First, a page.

But, the idea that Hill put forth in her final floor speech, blaming her departure from Congress on a double standard and misogynistic culture, is overstating her case. No double standard or misogynistic culture caused Hill to enter a relationship with a staffer. And, as I mentioned in the Washington Monthly article, plenty of men have left Congress under a cloud of similar accusations—for sexting, sending nude photos, having a relationship with a staffer, etc. No, none of those scandals are exactly identical to Hill’s because no two scandals ever are. But the idea that men are not taken down under similar circumstances, especially in the past decade, within the Democratic party, is demonstrably false.

There are, of course, examples like Duncan Hunter and Donald Trump, who are accused of worse and remain in office. But 1) Hill chose to resign and they did not. That’s not a double standard. That’s different people making different choices and 2) Even if Hill was quietly pressured out of office by fellow Congressional Democrats, that is evidence that Democrats handle sex scandals differently than Republicans, not than women are treated differently than men.

Two things can be true at once. Hill experienced some unfair double standards. Unfair double standards are not the cause of Hill leaving Congress.

Hill’s final floor speech was inspiring, but lacked an honest apology.

I thought Hill’s final floor speech was very compelling, especially her message that she will continue to fight against cyber exploitation, and that young women should not be deterred from pursuing their dreams under threat of such exploitation. It’s an essential and inspiring message. That part of Hill’s speech was great.

The part where she failed to bluntly take responsibility for her actions was not. Yes, Hill said “I’m sorry” multiple times during her speech. But we all know the difference between a direct, honest apology where we admit exactly what we did and apologize for it, and the vague “I’m sorry for mistakes that were made” or “I’m sorry for those who were hurt” apology.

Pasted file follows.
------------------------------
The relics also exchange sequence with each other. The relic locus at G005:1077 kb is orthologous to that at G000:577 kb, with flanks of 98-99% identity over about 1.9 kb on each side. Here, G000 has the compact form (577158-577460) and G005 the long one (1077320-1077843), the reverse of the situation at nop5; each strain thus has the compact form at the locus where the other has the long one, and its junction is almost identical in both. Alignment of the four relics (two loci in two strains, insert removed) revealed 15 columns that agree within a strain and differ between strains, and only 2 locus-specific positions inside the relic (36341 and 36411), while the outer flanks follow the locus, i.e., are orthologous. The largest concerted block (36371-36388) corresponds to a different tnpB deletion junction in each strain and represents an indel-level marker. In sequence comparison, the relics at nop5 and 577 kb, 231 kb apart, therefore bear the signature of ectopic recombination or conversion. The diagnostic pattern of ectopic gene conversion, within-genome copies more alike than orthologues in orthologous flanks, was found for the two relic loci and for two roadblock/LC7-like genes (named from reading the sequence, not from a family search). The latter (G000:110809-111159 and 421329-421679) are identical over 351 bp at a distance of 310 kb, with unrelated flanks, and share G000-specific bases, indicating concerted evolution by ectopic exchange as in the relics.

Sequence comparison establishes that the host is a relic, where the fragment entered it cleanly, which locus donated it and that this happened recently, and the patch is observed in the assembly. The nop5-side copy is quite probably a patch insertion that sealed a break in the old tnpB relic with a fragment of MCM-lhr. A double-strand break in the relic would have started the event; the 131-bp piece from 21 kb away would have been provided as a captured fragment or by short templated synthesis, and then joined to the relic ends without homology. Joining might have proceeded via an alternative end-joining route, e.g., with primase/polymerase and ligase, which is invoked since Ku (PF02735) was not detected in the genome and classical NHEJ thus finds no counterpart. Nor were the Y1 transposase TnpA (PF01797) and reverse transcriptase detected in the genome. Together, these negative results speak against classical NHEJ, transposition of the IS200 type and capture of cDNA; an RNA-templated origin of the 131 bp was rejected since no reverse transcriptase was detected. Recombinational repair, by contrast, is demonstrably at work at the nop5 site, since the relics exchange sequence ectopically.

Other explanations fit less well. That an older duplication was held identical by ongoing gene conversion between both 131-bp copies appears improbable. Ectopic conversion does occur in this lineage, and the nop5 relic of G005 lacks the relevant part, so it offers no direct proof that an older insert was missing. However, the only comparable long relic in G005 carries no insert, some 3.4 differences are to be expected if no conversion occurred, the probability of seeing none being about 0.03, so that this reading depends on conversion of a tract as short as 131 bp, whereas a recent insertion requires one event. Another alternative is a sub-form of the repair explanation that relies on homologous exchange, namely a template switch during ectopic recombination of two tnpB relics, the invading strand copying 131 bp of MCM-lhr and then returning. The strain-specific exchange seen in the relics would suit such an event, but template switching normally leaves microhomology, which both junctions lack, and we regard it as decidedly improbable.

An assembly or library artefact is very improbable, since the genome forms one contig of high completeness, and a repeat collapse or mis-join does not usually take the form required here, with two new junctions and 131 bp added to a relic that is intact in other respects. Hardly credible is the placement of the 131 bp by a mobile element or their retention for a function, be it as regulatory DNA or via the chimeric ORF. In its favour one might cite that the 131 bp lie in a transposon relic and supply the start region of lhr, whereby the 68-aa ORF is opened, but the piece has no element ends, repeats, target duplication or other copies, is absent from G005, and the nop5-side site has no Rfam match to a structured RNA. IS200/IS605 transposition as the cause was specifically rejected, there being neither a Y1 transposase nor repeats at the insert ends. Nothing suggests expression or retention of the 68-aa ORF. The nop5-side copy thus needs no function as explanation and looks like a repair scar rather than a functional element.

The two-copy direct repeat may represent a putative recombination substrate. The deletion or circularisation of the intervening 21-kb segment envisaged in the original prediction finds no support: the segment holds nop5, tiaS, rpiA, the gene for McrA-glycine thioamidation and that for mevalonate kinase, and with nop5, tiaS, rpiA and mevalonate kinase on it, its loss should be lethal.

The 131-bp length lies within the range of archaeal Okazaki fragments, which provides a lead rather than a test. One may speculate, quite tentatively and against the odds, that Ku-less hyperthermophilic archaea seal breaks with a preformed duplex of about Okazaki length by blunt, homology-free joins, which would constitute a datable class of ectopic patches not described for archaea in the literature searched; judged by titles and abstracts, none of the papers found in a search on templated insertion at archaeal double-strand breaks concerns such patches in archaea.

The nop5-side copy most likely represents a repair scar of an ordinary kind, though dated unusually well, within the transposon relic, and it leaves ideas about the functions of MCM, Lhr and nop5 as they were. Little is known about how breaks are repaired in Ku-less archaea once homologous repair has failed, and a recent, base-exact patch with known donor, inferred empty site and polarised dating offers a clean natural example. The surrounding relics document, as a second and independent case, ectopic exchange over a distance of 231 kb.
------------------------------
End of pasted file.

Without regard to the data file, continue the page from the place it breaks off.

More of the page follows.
Hill never actually said what she was apologizing for. And after watching the speech, one could easily have the impression that Hill was not involved in any relationship with a staffer and that her only mistake was allowing some photos of her be taken (she said some were taken without her consent). Hill was willing to call out what everyone else did wrong—her husband, the media, culture, society—but did not hold herself to that same standard.

I understand that it must have been an extremely rough week for Hill and I have immense sympathy for her. Who knows what is going on behind the scenes or the kind of fear and uncertainty she is dealing with? And imperfect apologies are human—we have a natural inclination and professional incentives to portray ourselves in the most positive light. But, for her constituents and the people who worked their butt off to get her elected, I think Hill owed them a more honest apology. Condemning the exploitation she faced, while admitting that other people’s actions do not excuse her own, and acknowledging those actions, would have met that standard.

As news of the Hill scandal broke, as usual, people rushed to take sides. To read conservative pundits, Hill was justifiably brought down because she exploited her staff for sexual gratification. To read many progressive writers, Hill is a courageous victim whose resignation was a travesty. Fortunately, there is nothing wrong with residing somewhere in the middle. That’s usually where the truth happens to be.